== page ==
In Scala 3 I can define a functor for state using type lambda:

```
given stateFunctor[S]: Functor[[A] =>> State[S, A]] with
override def map[A, B](a: State[S, A])(fx: A => B): State[S, B] = State(a.run.andThen { case (s, a) => (s, fx(a)) })
```

I would expect it to work with `?`

or `_`

wildcard:

```
given stateFunctor[S]: Functor[State[S, ?]] with
override def map[A, B](a: State[S, A])(fx: A => B): State[S, B] = State(a.run.andThen { case (s, a) => (s, fx(a)) })
```

but I'm getting the following compilation error:

Type argument domain.State[S, ? <: AnyKind] does not have the same kind as its bound [_$1] given stateFunctor[S]: Functor[State[S, ? <: AnyKind]] with

Why doesn't it work? What am I missing? I thought Scala 3 supports kind-projector syntax for type wildcards.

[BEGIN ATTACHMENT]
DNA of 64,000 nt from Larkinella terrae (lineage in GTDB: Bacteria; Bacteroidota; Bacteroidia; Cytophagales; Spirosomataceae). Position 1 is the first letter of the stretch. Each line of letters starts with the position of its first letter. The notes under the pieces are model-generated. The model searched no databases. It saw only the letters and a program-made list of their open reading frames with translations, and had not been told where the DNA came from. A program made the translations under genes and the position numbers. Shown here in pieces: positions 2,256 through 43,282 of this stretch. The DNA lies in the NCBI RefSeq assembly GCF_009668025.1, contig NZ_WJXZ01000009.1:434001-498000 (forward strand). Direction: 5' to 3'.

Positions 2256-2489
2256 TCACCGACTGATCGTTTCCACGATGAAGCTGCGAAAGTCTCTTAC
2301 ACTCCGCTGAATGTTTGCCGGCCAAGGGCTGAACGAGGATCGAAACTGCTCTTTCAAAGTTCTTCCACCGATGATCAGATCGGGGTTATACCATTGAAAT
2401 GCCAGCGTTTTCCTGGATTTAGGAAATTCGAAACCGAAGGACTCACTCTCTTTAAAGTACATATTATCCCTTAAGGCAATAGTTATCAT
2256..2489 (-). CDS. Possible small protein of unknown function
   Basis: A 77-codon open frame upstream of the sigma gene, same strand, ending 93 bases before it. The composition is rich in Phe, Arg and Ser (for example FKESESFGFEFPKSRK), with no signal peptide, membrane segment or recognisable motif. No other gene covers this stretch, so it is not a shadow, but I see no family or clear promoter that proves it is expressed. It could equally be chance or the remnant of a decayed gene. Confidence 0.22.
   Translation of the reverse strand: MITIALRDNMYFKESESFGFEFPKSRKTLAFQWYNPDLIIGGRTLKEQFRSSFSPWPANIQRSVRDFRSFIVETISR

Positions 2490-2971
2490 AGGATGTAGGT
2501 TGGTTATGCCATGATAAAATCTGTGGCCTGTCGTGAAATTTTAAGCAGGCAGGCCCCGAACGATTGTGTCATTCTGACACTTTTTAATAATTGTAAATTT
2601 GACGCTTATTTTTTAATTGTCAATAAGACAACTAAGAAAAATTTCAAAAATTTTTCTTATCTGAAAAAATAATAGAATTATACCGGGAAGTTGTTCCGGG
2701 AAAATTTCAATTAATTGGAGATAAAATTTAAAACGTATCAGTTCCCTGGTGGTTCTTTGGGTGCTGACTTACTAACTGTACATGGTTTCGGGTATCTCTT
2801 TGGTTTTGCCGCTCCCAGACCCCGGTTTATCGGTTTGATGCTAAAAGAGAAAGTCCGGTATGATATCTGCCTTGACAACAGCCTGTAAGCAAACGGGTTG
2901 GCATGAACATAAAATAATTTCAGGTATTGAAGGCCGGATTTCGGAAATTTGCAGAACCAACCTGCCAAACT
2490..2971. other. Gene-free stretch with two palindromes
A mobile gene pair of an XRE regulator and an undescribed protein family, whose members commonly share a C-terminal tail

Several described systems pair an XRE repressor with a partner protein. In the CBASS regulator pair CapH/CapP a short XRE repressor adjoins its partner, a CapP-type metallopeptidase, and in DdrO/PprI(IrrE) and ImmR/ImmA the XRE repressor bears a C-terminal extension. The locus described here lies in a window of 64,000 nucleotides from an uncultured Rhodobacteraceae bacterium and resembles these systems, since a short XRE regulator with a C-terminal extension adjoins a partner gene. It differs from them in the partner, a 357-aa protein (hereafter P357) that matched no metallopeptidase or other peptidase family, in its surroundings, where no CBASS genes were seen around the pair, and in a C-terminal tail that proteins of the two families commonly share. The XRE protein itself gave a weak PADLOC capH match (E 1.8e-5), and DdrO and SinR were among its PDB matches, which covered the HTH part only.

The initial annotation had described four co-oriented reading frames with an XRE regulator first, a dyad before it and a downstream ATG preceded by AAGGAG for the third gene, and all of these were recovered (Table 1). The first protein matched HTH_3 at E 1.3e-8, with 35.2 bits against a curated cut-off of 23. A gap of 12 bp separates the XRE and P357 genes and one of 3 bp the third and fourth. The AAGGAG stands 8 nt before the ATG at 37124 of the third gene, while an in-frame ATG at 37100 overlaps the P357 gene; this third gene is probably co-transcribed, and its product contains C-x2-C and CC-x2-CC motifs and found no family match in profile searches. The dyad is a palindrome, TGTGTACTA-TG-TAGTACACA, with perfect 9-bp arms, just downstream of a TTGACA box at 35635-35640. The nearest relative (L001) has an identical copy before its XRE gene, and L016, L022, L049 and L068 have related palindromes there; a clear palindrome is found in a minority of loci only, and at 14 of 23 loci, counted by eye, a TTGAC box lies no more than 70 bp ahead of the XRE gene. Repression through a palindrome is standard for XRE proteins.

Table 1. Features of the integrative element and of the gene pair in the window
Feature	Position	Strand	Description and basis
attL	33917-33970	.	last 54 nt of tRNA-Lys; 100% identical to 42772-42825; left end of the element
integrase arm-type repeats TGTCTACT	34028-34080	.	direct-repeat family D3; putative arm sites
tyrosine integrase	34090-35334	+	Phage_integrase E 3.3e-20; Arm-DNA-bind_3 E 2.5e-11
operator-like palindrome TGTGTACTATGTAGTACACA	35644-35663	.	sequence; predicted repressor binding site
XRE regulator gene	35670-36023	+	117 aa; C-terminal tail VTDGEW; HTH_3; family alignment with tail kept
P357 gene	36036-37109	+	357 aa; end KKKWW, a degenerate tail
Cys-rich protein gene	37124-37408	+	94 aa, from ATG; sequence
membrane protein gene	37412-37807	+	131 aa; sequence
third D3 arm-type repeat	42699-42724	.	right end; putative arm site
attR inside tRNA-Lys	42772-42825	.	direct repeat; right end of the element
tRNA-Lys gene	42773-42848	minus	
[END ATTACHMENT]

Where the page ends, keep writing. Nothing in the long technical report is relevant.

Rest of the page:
Scala version: 3.1.3

If you need it, here are `State`

and `Functor`

definitions:

```
case class State[S, A](run:S => (S, A)):
def exec(s:S):S = run(s)._1
def eval(s:S):A = run(s)._2
```

```
trait Functor[F[_]]:
def map[A, B](a: F[A])(fx: A => B): F[B]
```

`-Ykind-projector`

is used only when using kind-projector (so basically in Scala 2)`Global / scalacOptions += "-Ykind-projector"`

in build.sbt, but it didn't work